Judge Sparks Transfers Case Under U.S. Supreme Court Case Atlantic Marine Construction Company, Inc.

Compass Bank v. Palmer, et al., No. A-13-CA-831-SS (W.D. Tex. January 30, 2014)(Sparks, S.)

Defendant Palmer and various affiliated businesses under his control executed a series of loan agreements with Texas State Bank, which was later acquired by plaintiff Compass Bank. Order at pp. 1-3. After defendants defaulted on all loan agreements, plaintiff brought suit for breach of contract in the Austin Division of the Western District of Texas. Id. at 3. Defendants then filed a Motion to Transfer Venue to the Southern District of Texas, McAllen Division, arguing that it was the more convenient venue, and at least two of the loan agreements contained forum selection clauses requiring any lawsuit to be filed in that venue. Id. at 4.

After setting forth the standard for venue transfers under 28 U.S.C. § 1404(a), the Court discussed in detail the U.S. Supreme Court’s decision in Atlantic Marine Construction Company, Inc. v. United States, 134 5. Ct. 568 (2013), which addressed the enforcement of forum selection clauses. Id. at 7-8. Noting that Atlantic Marine directs district courts to enforce forum selection clauses except for in unusual cases, the Court found that the plaintiff provided no persuasive reason why the forum selection clauses should not be enforced as valid against it. Id. at 10. Moreover, the public interest factors weighed in favor of transferring the venue, because the operative facts occurred in McAllen, not Austin. Id. at 11. Finally, because the loans with forum selection provisions demanded transfer to McAllen, the Court held that it made “little sense” to sever the case and keep the matter in Austin with respect to the loan agreements without such venue restrictions. Id. at 12-13. Thus, the Court transferred the entire lawsuit to the Southern District of Texas, McAllen Division.

Judge Sparks Grants Motion for Summary Judgment, Permanent Injunction, and Orders Records Removed from Property Records

U.S. Bank National Association, as Trustee, on Behalf of the Holders of the Asset Backed Pass-Through Certificates, Series NC 2005-HE4 v. Hall, No. A-13-CA-431-SS (W.D. Tex. January 28, 2014)(Sparks, S.)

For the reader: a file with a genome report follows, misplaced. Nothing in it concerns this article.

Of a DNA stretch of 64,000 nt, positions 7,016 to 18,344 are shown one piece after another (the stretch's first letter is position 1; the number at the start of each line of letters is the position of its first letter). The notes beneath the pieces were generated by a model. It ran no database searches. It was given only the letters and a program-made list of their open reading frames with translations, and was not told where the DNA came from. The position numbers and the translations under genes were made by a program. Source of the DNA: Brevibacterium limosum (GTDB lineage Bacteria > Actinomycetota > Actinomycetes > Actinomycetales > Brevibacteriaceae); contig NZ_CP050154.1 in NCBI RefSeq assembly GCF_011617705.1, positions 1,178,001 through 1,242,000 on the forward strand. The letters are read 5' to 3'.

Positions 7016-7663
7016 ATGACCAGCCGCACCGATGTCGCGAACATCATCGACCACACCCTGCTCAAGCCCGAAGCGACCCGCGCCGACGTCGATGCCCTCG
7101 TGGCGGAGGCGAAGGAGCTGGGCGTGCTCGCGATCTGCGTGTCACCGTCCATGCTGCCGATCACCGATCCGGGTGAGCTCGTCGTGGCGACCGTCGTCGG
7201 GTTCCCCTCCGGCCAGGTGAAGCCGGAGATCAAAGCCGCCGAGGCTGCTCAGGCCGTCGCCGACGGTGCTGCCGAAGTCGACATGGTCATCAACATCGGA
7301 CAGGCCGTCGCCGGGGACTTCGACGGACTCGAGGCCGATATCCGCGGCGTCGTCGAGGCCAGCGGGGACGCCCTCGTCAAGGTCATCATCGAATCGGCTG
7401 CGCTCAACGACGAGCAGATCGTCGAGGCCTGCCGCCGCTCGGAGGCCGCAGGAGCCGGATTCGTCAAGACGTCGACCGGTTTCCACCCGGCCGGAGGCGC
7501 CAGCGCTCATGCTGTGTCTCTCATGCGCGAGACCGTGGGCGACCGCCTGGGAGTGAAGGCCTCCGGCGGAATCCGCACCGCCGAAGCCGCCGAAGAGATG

Defendant Hall defaulted on his mortgage and subsequently lost his house to the plaintiff trust in a foreclosure sale. Order at p. 2. Thereafter, Hall began a series of fraudulent recordings in the Travis County Official Public Records pertaining to the property and his mortgage, attempting to transfer the property to himself or associated entities. Id. at 2-4. The Trust then brought suit against Hall, alleging (1) trespass to try title, (2) trespass to real property, and (3) suit to quiet title and for declaratory judgment. Id. at 4.

The Court granted the Trust’s Motion for Summary Judgment in its entirety. Id. at 4. The Court held that the summary judgment evidence clearly demonstrated that the Trust has title to the property and that Hall’s fraudulent tactics and purported prior conveyances of the property did not impair that title. Id. at 6. The Court also declared that Hall’s fraudulently recorded instruments are invalid and of no force or effect, and should be removed from the property records. Id. at 7-8. Finally, the Court granted the Trust’s request for a permanent injunction against Hall, holding that “Hall’s fraudulent pattern of behavior has denied the Trust its right to the Property, clouded its title, and denied the Trust exclusive access to the Property for approximately seven years.” Id. at 9.

Judge Sparks Grants Summary Judgment for the Texas Department of Insurance Citing Sovereign Immunity and Finds Racial Discrimination and Retaliation Claim Fails

Allbritain v. Texas Department of Insurance, No. A-12-CA-431-SS (W.D. Tex. January 23, 2014)(Sparks, S.)

Allbritain was discharged by the Texas Department of Insurance (TDI) after allegedly committing insurance fraud on an insurance claim involving her home. Order at p. 1. Criminal charges against Allbritain were ultimately dismissed, and she filed a wrongful termination suit against TDI, alleging racial and age discrimination, retaliatory discharge, defamation and intentional infliction of emotional distress. Id. at 2-3. The Court granted TDI’s motion for summary judgment on all claims. Id. at 3.

The Court found that Alibritain’s claims under the Age Discrimination in Employment Act and her state law claims for defamation, negligence, and intentional infliction of emotional distress were barred by sovereign immunity. Id. at 6. Judge Sparks also concluded that Allbritain’s racial discrimination claim failed because (i) her supervisor’s refusal to allow Allbritain to telecommute was not an “adverse employment action”; (ii) the failure to reassign Allbritain her preferred support staff was not an “adverse employment action”; (iii) the refusal to allow her to run out her vacation and compensatory time after being fired was not an “adverse employment action”; (iv) Allbritain failed to provide evidence demonstrating she “was treated less favorably than other similarly situated persons outside the protected class”; and (iv) Allbritain failed to rebut TDI’s evidence of a legitimate, non-discriminatory reason for the termination of her employment. Id. at 6-16. Finally, the court rejected Allbritain’s retaliation claim because she failed to identify with specificity the “protected activity” or the “adverse employment action.” Id. at 16-17.